Morven Remembers Hugh Mercer, In Scottish Diaspora Tapestry
Morven Museum and Garden on Stockton Street is participating in a worldwide celebration of The Scottish Diaspora by bringing volunteer stitchers together to work on a single tapestry panel that is to be included in a larger work in tribute to the accomplishments of Scots around the world.
Princeton’s contribution features elements from the life of Revolutionary War hero General Hugh Mercer (1726-1777), who died a slow death over several days from bayonet wounds received at the hands of British soldiers during the Battle of Princeton.
After his horse had been shot from under him, Mercer was bayoneted repeatedly and left for dead. Legend has it that he lay under the famous oak tree that would become a symbol of the county named for him, before being taken to the William Clark house nearby.
But Mercer’s story goes back a long way before his friend George Washington, with whom he had fought in the French and Indian War, made him a brigadier general in the Continental Army.
Like many of his patriotic companions, Mercer had fled his native Scotland for the colony of America. As a battlefield surgeon at the Battle of Culloden in 1746, he had witnessed the bloody butchery that ended the Scottish attempt to restore the Stuarts to the British throne. Led by Charles Edward Stuart, the legendary Bonnie Prince Charlie, hopes for this Jacobite Rebellion were dashed at Drumossie Moor where the battle was fought, just north of Inverness.
Two years earlier, at the age of 19, and newly graduated from Aberdeen University, Mercer had been inspired by thoughts of replacing the German-speaking King George II with the prince that highlanders regarded as the rightful heir to the united monarchy of Scotland, England, and Ireland.
Centuries later, the name Culloden retains the power to evoke chills in the Scottish psyche and in a dramatic account of Mercer’s death in General Hugh Mercer: Forgotten Hero of the American Revolution, author Frederick English describes Mercer’s defiance of the British redcoats as a throwback to his days as a battlefield doctor. He would not ask for mercy of soldiers who called to him to surrender, calling him a “rebel.”
Morven’s contribution to the Scottish Diaspora Tapestry Project involved many hands. The Museum’s Barbara Webb commends “stalwart stitching volunteer” Alison Totten for the lion’s share of the work, helped also by Edie Tattersall during the recent holiday period.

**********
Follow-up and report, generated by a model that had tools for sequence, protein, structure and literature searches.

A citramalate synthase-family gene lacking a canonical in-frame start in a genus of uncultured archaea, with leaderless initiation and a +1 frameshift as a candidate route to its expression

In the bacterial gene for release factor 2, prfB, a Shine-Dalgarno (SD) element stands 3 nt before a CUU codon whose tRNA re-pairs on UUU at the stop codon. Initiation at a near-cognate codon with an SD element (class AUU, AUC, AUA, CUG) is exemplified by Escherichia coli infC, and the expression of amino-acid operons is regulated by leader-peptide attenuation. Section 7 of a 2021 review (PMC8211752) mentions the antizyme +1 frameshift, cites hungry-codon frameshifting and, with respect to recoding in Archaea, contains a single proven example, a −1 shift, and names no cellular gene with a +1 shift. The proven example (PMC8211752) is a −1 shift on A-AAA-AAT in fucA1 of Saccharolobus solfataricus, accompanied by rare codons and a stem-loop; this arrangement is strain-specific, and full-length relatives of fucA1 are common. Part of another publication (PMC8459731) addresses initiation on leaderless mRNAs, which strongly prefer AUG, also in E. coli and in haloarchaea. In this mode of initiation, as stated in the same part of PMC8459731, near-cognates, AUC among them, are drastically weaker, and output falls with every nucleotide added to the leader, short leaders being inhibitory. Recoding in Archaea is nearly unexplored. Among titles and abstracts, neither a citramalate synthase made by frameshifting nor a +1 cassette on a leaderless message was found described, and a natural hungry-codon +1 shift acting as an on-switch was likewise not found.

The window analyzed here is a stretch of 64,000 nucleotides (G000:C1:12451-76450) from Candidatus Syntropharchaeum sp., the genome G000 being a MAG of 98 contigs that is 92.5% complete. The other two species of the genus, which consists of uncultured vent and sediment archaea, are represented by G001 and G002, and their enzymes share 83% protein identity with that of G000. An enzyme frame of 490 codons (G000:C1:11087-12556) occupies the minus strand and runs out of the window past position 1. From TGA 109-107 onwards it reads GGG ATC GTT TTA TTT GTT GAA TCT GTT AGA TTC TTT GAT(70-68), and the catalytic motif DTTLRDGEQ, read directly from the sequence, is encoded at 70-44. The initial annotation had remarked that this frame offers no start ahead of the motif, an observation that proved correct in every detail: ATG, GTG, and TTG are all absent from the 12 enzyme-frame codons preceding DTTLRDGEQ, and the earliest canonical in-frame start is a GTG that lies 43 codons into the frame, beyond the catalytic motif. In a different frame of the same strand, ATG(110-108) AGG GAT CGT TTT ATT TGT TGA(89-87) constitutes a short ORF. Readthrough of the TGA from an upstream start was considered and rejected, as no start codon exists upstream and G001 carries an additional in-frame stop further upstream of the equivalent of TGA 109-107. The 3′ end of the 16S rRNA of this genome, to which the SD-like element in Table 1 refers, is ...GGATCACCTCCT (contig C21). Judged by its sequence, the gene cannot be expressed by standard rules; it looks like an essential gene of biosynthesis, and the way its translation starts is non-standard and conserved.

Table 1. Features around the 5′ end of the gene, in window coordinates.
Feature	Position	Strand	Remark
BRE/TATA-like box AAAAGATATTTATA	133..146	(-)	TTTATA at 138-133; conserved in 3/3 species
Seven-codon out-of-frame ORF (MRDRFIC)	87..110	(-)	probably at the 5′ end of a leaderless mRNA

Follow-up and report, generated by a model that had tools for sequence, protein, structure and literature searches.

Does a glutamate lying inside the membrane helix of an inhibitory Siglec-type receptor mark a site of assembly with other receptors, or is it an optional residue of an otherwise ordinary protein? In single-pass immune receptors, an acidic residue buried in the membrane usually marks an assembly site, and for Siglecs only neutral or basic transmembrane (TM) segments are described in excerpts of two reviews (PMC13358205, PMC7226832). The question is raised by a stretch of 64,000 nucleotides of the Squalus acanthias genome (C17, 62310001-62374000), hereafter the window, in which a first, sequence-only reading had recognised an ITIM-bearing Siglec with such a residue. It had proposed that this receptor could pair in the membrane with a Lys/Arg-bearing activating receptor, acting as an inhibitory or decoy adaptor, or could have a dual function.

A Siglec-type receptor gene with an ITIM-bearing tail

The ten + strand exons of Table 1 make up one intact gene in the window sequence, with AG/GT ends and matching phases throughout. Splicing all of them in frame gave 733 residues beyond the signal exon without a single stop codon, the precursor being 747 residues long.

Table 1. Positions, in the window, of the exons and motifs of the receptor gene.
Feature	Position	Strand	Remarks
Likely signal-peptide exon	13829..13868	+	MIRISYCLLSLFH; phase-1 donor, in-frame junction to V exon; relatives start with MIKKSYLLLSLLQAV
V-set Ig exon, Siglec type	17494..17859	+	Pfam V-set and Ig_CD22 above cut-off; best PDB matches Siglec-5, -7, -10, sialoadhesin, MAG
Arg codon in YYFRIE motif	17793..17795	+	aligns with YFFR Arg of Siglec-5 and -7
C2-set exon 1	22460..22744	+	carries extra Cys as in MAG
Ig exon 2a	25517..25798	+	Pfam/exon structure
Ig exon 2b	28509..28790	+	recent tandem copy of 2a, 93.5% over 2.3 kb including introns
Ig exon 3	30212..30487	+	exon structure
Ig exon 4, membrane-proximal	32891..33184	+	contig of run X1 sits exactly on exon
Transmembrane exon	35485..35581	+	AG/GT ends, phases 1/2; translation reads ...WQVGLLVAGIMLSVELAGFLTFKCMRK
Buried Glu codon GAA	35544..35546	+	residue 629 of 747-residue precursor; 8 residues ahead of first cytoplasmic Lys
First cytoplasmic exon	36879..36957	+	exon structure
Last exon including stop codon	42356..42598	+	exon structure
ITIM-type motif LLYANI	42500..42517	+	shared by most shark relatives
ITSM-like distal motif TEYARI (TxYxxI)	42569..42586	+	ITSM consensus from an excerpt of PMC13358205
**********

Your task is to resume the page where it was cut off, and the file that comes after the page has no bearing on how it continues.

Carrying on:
The embroidered panel connects Princeton to two dozen other communities engaged in documenting their Scottish connections. The aim is to pay homage to emigrant Scots over the centuries by gathering and celebrating the stories of those individuals who had a profound impact on the areas where they settled.
“I hadn’t picked up a needle since the 1960s but knew this was something I could contribute to,” said Ms. Totten, who welcomed the opportunity to “honor all my Scottish ancestors, who represent a cross section of the Diaspora. I am part of the McLean clan of Argyll.”
According to the project’s organizers, Scots and their descendants “never lost a deeply held pride in Scotland’s culture and its democratic ideals: they took with them their religion, skills in medicine, engineering, botany, education, administration, agriculture, and more besides.”
“I saw a lot of people who, like me, had not done needlework in a long time, and who, like me, were taught by a mother or grandmother all those years ago,” said Ms. Totten who was quick to credit the skills of an accomplished embroiderer from the Embroidery Guild of America for stitching the Mercer Oak and the recumbent figure of Mercer under it. “It was a sheer delight to encourage them to put in a stitch or two and watch their faces transform with joy. We even got a few cub scouts to participate! One 4-year-old girl had to be pried away by a very patient mother.”
Soon to be shipped back to Scotland, Morven’s panel shows the Mercer Oak alongside the names of significant places in the life of the soldier physician. The international artwork of which it will form a part, is a successor to the first communal Scottish tapestry project, The Great Tapestry of Scotland, completed in 2013.
Hundreds of stitchers in 25 countries volunteered thousands of hours to craft panels which illustrate such contributions as the arrival of tea in India; the creation of a steelworks in Corby, England; military leadership in Sweden and Russia; national parks and tobacco growing in the United States; and the gold rush in Australia.
Mercer was one of Washington’s most trusted advisers. According to military historian and Washington biographer Douglas Southall Freeman, had Mercer lived, he “might have been [Washington’s] peer and possibly his superior.”
For more on the Morven project, visit: http://morven.org/the-scottish-diaspora-tapestry-project/. For more about the tapestry, visit: www.scottishdiasporatapestry.org.